Two BeiDou navigation satellites were launched aboard a Long March 3B late Sunday. The launch was the fourth in support of China’s BeiDou Navigation Satellite System (a home-grown alternative to the United States GPS network) this year.
The Long March 3B carrying the BeiDou-3 M19 and BeiDou-3 M20 satellites was launched from the Xichang Satellite Launch Center in the Sichuan Province at 21:10 UTC on Sunday, September 22. Following the launch, Chinese news agency Xinhuanet confirmed that both satellites were successfully deployed into their respective Medium Earth orbits.
This was the fourth dedicated launch in support of China’s BeiDou constellation this year. The three previous launches in April (BeiDou-3 I1Q), May (BeiDou-2 G8), and June (BeiDou-3 I2Q) each deployed a single navigation satellite into orbit. Yesterday’s launch was the first this year to carry multiple BeiDou-3 satellites adding the 47th and 48th satellites to the BeiDou constellation.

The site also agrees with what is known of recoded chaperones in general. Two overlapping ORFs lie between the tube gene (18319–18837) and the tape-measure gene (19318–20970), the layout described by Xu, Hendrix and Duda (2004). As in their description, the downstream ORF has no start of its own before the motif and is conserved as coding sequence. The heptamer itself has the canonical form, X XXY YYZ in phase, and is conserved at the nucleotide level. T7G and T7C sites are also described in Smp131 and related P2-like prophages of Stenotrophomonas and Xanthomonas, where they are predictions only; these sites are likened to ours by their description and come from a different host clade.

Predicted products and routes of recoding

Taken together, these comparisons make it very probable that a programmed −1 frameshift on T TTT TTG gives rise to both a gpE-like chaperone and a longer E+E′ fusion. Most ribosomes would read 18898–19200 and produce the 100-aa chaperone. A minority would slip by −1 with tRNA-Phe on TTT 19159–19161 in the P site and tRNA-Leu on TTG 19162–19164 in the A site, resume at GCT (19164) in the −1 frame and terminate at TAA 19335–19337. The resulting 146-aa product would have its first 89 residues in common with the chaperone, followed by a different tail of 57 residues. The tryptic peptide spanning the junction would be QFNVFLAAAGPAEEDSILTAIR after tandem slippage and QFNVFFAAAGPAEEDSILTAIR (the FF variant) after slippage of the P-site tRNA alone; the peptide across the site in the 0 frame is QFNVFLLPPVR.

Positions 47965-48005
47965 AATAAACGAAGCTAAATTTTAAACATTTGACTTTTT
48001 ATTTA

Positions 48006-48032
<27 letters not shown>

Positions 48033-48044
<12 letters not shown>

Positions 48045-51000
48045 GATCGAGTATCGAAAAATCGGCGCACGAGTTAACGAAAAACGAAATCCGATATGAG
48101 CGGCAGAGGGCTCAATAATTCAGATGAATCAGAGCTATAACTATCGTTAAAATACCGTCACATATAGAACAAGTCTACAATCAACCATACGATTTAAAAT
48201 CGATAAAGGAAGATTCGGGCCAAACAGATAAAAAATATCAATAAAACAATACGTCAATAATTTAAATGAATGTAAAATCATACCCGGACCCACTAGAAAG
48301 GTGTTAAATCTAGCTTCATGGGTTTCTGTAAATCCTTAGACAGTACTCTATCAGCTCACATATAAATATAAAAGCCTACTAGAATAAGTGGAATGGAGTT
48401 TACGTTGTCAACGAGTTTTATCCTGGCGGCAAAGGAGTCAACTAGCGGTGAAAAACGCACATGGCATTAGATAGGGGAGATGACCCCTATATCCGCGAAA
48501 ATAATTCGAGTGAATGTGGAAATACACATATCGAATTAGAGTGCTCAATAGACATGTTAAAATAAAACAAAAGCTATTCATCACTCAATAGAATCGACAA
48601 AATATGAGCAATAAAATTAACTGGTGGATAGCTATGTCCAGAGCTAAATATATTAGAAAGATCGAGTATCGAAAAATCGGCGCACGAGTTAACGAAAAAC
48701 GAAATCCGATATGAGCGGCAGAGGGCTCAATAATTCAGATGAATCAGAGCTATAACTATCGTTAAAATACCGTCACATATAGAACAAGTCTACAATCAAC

China hopes to carry out an additional three BeiDou launches this year beginning with the launch of the BeiDou-3 I3Q satellite in October. The subsequent two launches are each expected to carry two BeiDou-3 satellites.
The BeiDou Navigation Satellite System is China’s answer to the United States GPS and Russia’s GLONASS networks. On December 27, 2018, China confirmed that the BeiDou network had begun providing global positioning services. However, the network is not expected to be fully operational until 2020. Once operational it will offer navigation capabilities to both Chinese military operations and commercial partners.